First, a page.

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I have ended up with a constructor that looks like this whilst attempting to end up with an object i can easily test.

 public UserProvider(
            IFactory<IContainer> containerFactory,
            IRepositoryFactory<IUserRepository> userRepositoryFactory,
            IFactory<IRoleProvider> roleProviderFactory,
            IFactory<IAuthenticationProvider> authenticationProviderFactory,
            IFactory<IEmailAdapter> emailAdapterFactory,
            IFactory<IGuidAdapter> guidAdapterFactory,
            IRepositoryFactory<IVehicleRepository> vehicleRepositoryFactory,
            IRepositoryFactory<IUserVehicleRepository> userVehicleRepositoryFactory,
            IFactory<IDateTimeAdapter> dateTimeAdapterFactory)

This is all the dependencies the object will have and is the busiest constructor i have. But if someone saw this would it really raise a big wtf?

My aim was to end up with logic that is easy to test. Whilst it requires a good amount of mocks it is certainly very easy to verify my logic. However i am concerned that I may of ended up with too much of a good thing.

I am curious if this is normal for most people implementing ioc.

There are several simplifications I can make - such as I don't really need to pass in the factories for several of the adapters as i could just pass the adapter in directly as it has no internal state. But I am really asking in terms of the number of parameters.

Or more to the point i am looking for assurance that I am not going overboard ;)

But I am beginnign to get the impression that the UserProvider class should be broken down a bit - but then I end up with even more plumbing which is what is driving this concern.

I guess a sub question is maybe should I be considering using a service Locator pattern if I have these concerns?

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Yes, it is an indication that UserProvider is doing too much. A class that does all of that certainly cannot be following SRP. – Davin Tryon Jun 1 '12 at 16:23
Good :D thanks. Glad someone agrees and i'm not completely just inventing potential problems. – John Nicholas Jun 3 '12 at 17:28
up vote 5 down vote accepted

When using DI and constructor injection violation of the SRP becomes very visible. This is acutally a good thing, and it is not DI / IOC's fault. If you were not using constructor injection, the class would have the same dependencies, it would just not be as visible.

What you could do in your concrete example is hide some of the related dependencies behind facades. For example IVehicleRepository and IUserVehicleRepository could be hidden behind an IVehicle facade. It might also make sense to put IUserRepository, IRoleProvider and IAuthenticationProvider behind a facade.

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Why is it less of a design issue to group multiple dependencies into one? By this logic, you could just have one super-facade argument to the constructor and wipe your hands and be done with it with a self-satisfied smile. But of course, having done so, you'd have accomplished nothing in terms of improving the code. – Kirk Woll Jun 1 '12 at 16:39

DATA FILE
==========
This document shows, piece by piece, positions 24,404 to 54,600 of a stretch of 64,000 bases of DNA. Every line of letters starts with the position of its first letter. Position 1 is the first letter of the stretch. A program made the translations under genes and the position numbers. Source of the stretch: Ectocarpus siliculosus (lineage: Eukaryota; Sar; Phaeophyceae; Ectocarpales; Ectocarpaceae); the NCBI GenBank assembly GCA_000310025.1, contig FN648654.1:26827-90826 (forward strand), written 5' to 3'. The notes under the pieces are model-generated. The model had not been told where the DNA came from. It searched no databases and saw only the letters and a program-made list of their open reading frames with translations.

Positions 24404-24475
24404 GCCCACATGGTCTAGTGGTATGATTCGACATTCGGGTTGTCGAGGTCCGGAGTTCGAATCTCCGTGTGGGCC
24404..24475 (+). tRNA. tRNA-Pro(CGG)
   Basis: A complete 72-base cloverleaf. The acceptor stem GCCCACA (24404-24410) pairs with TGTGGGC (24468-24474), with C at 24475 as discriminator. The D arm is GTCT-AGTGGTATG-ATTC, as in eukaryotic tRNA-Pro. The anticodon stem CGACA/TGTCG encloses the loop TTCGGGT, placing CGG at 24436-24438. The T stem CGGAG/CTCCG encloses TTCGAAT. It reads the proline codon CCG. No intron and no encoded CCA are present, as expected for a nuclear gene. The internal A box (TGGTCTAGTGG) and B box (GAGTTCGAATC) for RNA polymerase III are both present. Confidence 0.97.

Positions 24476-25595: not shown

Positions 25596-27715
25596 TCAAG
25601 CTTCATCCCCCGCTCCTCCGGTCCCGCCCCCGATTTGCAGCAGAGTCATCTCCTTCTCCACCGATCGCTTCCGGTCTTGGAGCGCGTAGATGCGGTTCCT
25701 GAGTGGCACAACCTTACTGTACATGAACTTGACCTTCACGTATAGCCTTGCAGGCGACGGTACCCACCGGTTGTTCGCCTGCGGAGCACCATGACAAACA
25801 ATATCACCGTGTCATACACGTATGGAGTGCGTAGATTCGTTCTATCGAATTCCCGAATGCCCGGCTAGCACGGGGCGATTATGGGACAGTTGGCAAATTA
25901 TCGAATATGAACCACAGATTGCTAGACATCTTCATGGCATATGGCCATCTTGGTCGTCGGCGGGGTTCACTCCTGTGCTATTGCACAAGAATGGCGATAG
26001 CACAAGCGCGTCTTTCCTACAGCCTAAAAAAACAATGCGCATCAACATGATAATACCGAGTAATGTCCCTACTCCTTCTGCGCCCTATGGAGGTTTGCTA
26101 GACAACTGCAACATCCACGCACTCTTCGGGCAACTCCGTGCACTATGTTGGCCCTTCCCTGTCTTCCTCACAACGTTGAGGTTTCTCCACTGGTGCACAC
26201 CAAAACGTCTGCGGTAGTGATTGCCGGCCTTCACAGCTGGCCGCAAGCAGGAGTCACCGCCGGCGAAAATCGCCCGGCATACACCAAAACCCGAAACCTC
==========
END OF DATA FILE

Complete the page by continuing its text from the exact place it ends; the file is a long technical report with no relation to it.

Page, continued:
One of the ideas behind IoC is to provide dependencies/interfaces/contracts that are tailored to the consumer of the interface, not to the particular repository structure driving your data access, for instance. By providing dependencies to UserProvider that are suited to that particular class, you create a more cohesive class, that is more likely to be re-usable as well. – Pete Jun 1 '12 at 16:54
@KirkWoll funny you say that. I was goign to mention a service locator pattern as a way of simplifying the contructor but had your thought and so did not. – John Nicholas Jun 3 '12 at 17:23
@JohnNicholas: Glad that you didn't mention Service Location pattern, since the pattern would be abused if used in this scenario. Service location is in most cases an anti pattern for business logic since it hides the dependencies and potential code smells. – jgauffin Jun 4 '12 at 14:03

In my opinion that is a lot of parameters for a constructor. Here's how I would handle this to get good testability and reduce "code smell."

  1. Instead of passing in the factories to create instances of your classes just pass in the classes themselves. This automatically cuts your dependencies in half because the UserProvider would not be concerned with creating any objects that it needs (and subsequently disposing of them if necessary) it would just use what is given to it instead of using the factories that it needs to create object instances that it needs.
  2. Remove your adapters from the constructor and just create instances of these interfaces inside of the UserProvider. Think about how often are you going to need to change the way you format a guid for example. This would still be testable as long as your adapters don't have a lot of dependencies.

The point I'm making is to get a good balance of testability and practicality. When implementing Ioc try and determine where you've had trouble with testability in the past and where you've had issues maintaining and changing code because there were too many dependencies. That is where you'll see the most benefit.

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